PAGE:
Even the most sophisticated engagement strategies will fail without the support of a company's senior leaders. Leadership is a significant driver of a company's culture, which in turn affects employee engagement and performance. Employees look to the CEO and senior executives for guidance, so it's also important for leaders to actively support those initiatives, observes Joseph Michelli, an author and organizational consultant. In his latest book, Driven to Delight, Michelli notes that "leadership development can't be solely reactive (for example, fixing problems identified in annual employment engagement surveys)."
Successful leaders are attuned to their employees'-as well as their customers'-expectations and needs. Leaders who reinforce the importance of a coaching and feedback culture, and are authentic and transparent, also helps build a high-performing business, Michelli adds.
Trust Employees with Autonomy
While formal procedures and performance measurements are a necessary part of business, employees also need enough space to determine the best way to complete a task within a reasonable amount of time. Although technology is making it easier for employers to measure and monitor their employees' performance, these tools won't necessarily increase employee motivation or productivity, warns Sydney Finkelstein, faculty director at Tuck Leadership Center in the Tuck School of Business at Dartmouth College. "There's no question that there are tools for helping workers be more efficient," Finkelstein says. "But if it feels like Big Brother is always watching you, employers could wind up with lower performance rates while increasing attrition."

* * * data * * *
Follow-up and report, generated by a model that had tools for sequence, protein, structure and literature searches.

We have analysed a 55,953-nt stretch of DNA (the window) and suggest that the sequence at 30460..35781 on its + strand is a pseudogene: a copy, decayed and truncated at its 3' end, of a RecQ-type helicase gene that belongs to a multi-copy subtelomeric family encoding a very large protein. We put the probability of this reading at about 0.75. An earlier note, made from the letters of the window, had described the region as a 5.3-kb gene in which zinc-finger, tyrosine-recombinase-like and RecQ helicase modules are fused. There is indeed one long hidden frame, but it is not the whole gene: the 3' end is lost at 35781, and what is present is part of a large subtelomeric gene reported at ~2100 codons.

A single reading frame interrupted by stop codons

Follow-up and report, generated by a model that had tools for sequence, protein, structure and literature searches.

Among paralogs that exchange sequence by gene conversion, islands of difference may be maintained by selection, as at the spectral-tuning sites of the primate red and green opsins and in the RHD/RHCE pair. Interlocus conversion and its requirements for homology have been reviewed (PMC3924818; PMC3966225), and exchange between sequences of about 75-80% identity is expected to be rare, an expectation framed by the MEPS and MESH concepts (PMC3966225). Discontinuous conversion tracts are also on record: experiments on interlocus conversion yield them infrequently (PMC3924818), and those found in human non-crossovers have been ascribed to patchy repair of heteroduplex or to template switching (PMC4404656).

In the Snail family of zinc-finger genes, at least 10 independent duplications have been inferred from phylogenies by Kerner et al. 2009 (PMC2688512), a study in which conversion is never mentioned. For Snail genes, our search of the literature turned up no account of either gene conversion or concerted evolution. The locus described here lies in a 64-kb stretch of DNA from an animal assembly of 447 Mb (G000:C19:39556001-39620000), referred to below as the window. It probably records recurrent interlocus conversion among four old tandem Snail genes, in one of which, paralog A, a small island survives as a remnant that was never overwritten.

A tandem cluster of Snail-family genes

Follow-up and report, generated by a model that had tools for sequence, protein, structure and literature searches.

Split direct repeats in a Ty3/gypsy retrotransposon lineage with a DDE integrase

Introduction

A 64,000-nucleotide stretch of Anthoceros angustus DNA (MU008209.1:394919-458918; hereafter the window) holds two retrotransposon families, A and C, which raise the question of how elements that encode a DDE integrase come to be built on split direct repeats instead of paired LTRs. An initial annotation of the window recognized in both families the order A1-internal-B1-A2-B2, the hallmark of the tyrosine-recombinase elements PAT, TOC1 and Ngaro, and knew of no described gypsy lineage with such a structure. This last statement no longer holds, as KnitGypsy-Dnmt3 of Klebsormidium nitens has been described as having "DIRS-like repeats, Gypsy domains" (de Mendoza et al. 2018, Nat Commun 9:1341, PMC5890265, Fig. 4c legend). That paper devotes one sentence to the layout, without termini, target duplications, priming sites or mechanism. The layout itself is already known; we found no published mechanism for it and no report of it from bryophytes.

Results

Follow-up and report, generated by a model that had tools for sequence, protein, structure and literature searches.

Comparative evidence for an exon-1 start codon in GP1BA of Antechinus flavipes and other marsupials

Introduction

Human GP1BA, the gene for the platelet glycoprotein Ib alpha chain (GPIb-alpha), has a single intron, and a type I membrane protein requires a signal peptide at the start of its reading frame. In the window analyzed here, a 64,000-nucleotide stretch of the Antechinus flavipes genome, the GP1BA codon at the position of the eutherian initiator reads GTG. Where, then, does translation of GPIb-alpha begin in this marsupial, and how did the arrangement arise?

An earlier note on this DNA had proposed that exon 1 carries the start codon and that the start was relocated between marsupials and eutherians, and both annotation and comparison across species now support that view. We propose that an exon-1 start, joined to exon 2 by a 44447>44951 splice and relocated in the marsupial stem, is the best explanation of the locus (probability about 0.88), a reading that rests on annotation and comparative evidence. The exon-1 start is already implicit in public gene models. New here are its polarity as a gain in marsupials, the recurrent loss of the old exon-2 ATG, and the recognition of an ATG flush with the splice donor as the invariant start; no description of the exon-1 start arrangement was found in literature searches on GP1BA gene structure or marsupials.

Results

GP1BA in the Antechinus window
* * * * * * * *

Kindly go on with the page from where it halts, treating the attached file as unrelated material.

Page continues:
Experimenting with different levels of employee autonomy could potentially help companies uncover better ways of operating, adds David Hassell, founder and CEO of 15Five, an employee feedback system provider. "Zappos, for example, is making a bold move with holocracy [an organizational approach that consists of self-organizing teams instead of a traditional management hierarchy]," Hassell says. "It's too soon to say whether the company will be successful but it speaks to Zappos' culture of innovative thinking that they're willing to take a risk whether or not it pays off."
Corporate cultures are constantly shifting as employees come and go and outside forces like the economy and competitors change. As acompany grows or acquires another company, the culture will also shift. For example, the culture changes at IBM have been well documented as the business evolved. Over the past few decades IBM has shifted from being a hardware pioneer to a consulting organization to a technology and design-driven company.
The challenge is to ensure that the changes are reflective of the company's values and purpose. "What leaders often fail to realize is that the company's culture will naturally drift regardless of what you've written on the wall," Hassell notes. "Where leaders get into trouble is when they write down the values once and never revisit them."
Regularly checking in, whether it's once a year or more often is key. "You want to make sure that you're keeping the right values and culture alive and be willing to make a change when it's necessary," Hassell adds. "At the same time, there's no right way or wrong way to maintain a culture as long as it's one that employees want to be part of and can thrive in."